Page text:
Coronary artery disease and myocardial infarction (MI) are leading causes of death in the western world. Numerous studies have shown that risk factors such as diabetes mellitus, arterial hypertension and hypercholesterolemia contribute to the development of the disease. Although each risk factor by itself is partly under genetic control, a positive family history is an independent predictor, which suggests that there are additional susceptibility genes1. We have scanned the whole genome in 513 families to identify chromosomal regions linked to myocardial infarction and related risk factors that are known to be under genetic control. Here we show, by using variance component analysis and incorporating risk factors, that risk of myocardial infarction maps to a single region on chromosome 14 with a significant lod score of 3.9 (pointwise P=0.00015, genome-wide P<0.05), providing evidence of a principal MI locus. To characterize this locus we analyzed each risk factor by itself. Serum concentrations of lipoprotein (a) show linkage to both the apolipoprotein (a) locus (lod score 26.99) and a new locus on chromosome 1 (lod score 3.8). There is suggestive linkage for diabetes mellitus on chromosome 6 (lod score 2.96), for hypertension on chromosomes 1 and 6, for high-density and low-density lipoprotein cholesterol on chromosomes 1 and 17, and for triglyceride concentrations on chromosome 9. Although some of these risk factors overlap with previously identified loci, none overlaps with the newly identified susceptibility locus for myocardial infarction and coronary artery disease.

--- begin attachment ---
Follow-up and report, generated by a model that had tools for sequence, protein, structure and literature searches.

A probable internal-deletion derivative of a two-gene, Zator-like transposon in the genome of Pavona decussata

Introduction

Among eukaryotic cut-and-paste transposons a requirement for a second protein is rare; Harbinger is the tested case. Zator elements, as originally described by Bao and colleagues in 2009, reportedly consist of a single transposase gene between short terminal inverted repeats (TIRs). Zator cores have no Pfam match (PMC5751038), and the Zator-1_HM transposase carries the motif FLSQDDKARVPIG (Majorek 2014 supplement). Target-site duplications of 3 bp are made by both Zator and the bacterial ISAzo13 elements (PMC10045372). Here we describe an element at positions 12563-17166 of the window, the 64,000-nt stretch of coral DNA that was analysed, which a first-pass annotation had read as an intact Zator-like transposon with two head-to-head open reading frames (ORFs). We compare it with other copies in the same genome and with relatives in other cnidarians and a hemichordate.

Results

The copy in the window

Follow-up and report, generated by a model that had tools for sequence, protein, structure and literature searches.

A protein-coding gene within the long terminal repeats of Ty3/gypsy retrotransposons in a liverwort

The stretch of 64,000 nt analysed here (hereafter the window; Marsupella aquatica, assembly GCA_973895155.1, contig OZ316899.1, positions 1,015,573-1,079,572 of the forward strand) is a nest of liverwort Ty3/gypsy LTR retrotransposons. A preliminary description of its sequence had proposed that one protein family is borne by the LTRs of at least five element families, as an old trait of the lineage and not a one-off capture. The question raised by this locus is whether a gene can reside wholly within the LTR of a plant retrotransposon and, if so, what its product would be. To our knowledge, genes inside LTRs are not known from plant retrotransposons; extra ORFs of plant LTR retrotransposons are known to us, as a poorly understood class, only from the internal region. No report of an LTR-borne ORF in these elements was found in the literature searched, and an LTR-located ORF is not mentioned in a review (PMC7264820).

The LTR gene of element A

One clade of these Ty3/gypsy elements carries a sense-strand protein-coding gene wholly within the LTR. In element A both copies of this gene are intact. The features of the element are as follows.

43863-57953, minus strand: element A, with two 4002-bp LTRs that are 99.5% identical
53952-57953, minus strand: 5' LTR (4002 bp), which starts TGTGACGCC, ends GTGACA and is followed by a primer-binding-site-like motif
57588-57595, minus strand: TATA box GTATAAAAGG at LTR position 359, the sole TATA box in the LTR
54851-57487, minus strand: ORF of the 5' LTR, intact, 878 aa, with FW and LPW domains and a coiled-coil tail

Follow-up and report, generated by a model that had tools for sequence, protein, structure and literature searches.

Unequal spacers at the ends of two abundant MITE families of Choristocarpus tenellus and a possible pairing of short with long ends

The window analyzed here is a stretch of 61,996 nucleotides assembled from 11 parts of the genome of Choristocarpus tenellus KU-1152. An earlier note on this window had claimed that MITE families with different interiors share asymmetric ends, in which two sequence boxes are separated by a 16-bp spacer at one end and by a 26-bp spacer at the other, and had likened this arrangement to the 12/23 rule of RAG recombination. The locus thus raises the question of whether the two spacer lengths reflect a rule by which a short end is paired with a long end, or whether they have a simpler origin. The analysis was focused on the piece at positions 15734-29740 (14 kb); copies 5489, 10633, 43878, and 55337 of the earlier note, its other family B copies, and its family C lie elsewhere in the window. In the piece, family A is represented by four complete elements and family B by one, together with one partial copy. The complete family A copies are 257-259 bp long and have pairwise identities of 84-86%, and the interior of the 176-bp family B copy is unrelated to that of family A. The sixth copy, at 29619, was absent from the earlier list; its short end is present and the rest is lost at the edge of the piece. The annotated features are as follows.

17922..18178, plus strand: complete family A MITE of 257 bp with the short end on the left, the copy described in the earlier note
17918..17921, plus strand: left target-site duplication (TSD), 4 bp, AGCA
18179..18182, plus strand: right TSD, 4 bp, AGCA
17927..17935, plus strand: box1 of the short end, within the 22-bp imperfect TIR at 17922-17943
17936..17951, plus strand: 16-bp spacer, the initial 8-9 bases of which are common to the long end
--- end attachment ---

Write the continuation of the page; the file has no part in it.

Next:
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We thank G. Klein for helping to establish the MI family database; members of these families for cooperation and consent; M. Pöll and S. Kürzinger for technical assistance; U. Hubauer for managing the phenotype evaluation; H. Xia for database assistance; J. Williams and L. Almasy for statistical advice; and J. Weber and the NHLBI Mammalian Genotyping Service for valuable contributions. U.B. and H.J.J. are supported in part by a grant from the National Heart, Lung, and Blood Institute. A.C. and J.B. are supported in part by a grant from the National Institutes of Health. We acknowledge the support from the Wilhelm-Vaillant-Stiftung, the Ernst-und-Berta-Grimmke-Stiftung, the Deutsche Herzstiftung and the Deutsche Forschungsgemeinschaft (to U.B., S.H., C.H. and H.S.).
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